How do you do it, man? How do you do it…?! I guess you write tests, huh? [laughs]
I don’t even wanna say… Actually, this is something that we should talk about. Well, I write tests, but I almost hate to say it - I use console.log() a lot in the browser, it’s terrible… But one thing that we’re now actively working on and will likely be released in a week or two weeks, depending on how this works, is an interactive Solidity debugger. This goes back into the things we’ve talked about as far as having to recreate the things that we all love in development. Here we’re going to have a debugger where you can make a transaction and then debug that transaction no matter what Ethereum client you’re on or using; it doesn’t matter if you’re in Geth, or Parity, or something else, or using our own internal Ethereum client… And you could actually see in the Solidity code, step through the Solidity code and see what happened.
If you’ve used a debugger and you’ve used one to figure out tough issues before, well you obviously know the value of this, but really, this is kind of opening up the black box that is the Ethereum Virtual Machine. That’s something that’s gonna be a huge, huge feature and should come out in, like I said, a couple weeks.
Very cool. Two other quick things that we will mention - we’ve mentioned before Truffle boxes, which you can tell us about real quick, and then also we do wanna hear about EthPM and what all is on offer there… So what are Truffle boxes?
Yeah, so they’re effectively our answer to rolling your own front-end. You have to integrate Truffle’s artifacts with different kinds of front-ends; what we do with Truffle boxes is give you boilerplates for how to do that in different styles of applications. It depends heavily on what you wanna use, and front-end developers seem very attached to some of the libraries that they’re using (and for good measure); so we have Truffle boxes that show you how to use Truffle with React, we have Truffle boxes that show you how to use Truffle with Webpack in order to build your application, we have Truffle boxes with 8-10 boilerplates of how to build different styles of applications, and we’re building more as necessary, as fast as we can.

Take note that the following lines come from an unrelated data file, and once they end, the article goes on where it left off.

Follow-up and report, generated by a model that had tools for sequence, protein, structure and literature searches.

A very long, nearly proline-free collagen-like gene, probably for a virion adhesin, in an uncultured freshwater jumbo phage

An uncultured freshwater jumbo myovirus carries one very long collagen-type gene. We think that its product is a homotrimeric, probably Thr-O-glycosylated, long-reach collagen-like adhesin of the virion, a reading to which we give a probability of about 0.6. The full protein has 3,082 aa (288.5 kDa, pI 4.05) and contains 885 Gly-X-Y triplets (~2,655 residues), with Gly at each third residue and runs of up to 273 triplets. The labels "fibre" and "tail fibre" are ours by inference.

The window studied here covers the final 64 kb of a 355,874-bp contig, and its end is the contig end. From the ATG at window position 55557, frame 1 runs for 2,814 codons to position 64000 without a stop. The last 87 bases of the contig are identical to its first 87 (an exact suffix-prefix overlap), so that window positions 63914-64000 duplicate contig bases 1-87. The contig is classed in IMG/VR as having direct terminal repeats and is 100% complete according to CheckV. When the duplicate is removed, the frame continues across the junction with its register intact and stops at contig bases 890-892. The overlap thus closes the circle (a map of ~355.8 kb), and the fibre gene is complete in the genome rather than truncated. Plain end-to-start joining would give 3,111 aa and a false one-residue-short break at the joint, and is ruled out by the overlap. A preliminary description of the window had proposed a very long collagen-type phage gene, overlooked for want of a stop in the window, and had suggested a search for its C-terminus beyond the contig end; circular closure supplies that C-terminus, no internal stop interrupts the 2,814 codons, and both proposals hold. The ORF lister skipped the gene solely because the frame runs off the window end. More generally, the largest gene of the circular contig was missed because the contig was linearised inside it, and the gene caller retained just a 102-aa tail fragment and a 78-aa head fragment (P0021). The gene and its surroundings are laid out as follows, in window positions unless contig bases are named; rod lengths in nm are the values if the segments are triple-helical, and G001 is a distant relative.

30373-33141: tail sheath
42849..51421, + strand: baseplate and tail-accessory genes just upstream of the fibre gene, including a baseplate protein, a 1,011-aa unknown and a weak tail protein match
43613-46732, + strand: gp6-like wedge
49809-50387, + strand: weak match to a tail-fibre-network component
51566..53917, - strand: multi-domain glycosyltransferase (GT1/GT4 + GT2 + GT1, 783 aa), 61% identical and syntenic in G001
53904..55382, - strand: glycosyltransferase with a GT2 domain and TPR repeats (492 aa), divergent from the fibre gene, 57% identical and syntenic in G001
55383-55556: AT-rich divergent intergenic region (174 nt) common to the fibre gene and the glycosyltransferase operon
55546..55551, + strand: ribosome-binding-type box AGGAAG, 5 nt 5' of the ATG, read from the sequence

Very cool. And EthPM - we’re very familiar with npm; this has to be an Ethereum-based packet manager. What are the kind of packages that you could pull into a Truffle framework app that would do some heavy-lifting for you? What are some examples?
Yeah, so the basic package that you’d want from EthPM or even npm is a source package. So literally, it downloads the source for you, and then it runs as part of your application. In this case, you would download Solidity code as a source package. But because people can deploy contracts to any network - let’s just say the main net for now… Because you can deploy contracts to the main net, you can actually create packages that connect your application with their application.
For instance, if you are downloading a package and it contains artifacts of addresses of contracts that the package maintainer deployed, you could then integrate those easily into your application and build off of their code. That’s part of the visions of Ethereum or the promise of Ethereum - not only we’re gonna be able to build our own applications and deploy them, but we’re gonna be able to build applications that build off of everything other people have deployed. That’s the idea of EthPM. It’s still having a bit of trouble gaining adoption, but we’re working on that and hopefully we’ll have new versions in the future.
So Tim, one thing that I’ve been thinking as you talked, especially back when you were talking about the anatomy of a Web3 decentralized application is you have to wait… You have to wait, because it has to go on the blockchain, it has to be confirmed, what have you; consensus has to happen, these things have to happen on chain… And we’ve talked a few times I guess, Adam, I think - was it Preethi Kasireddy who talked about Ethereum scaling…?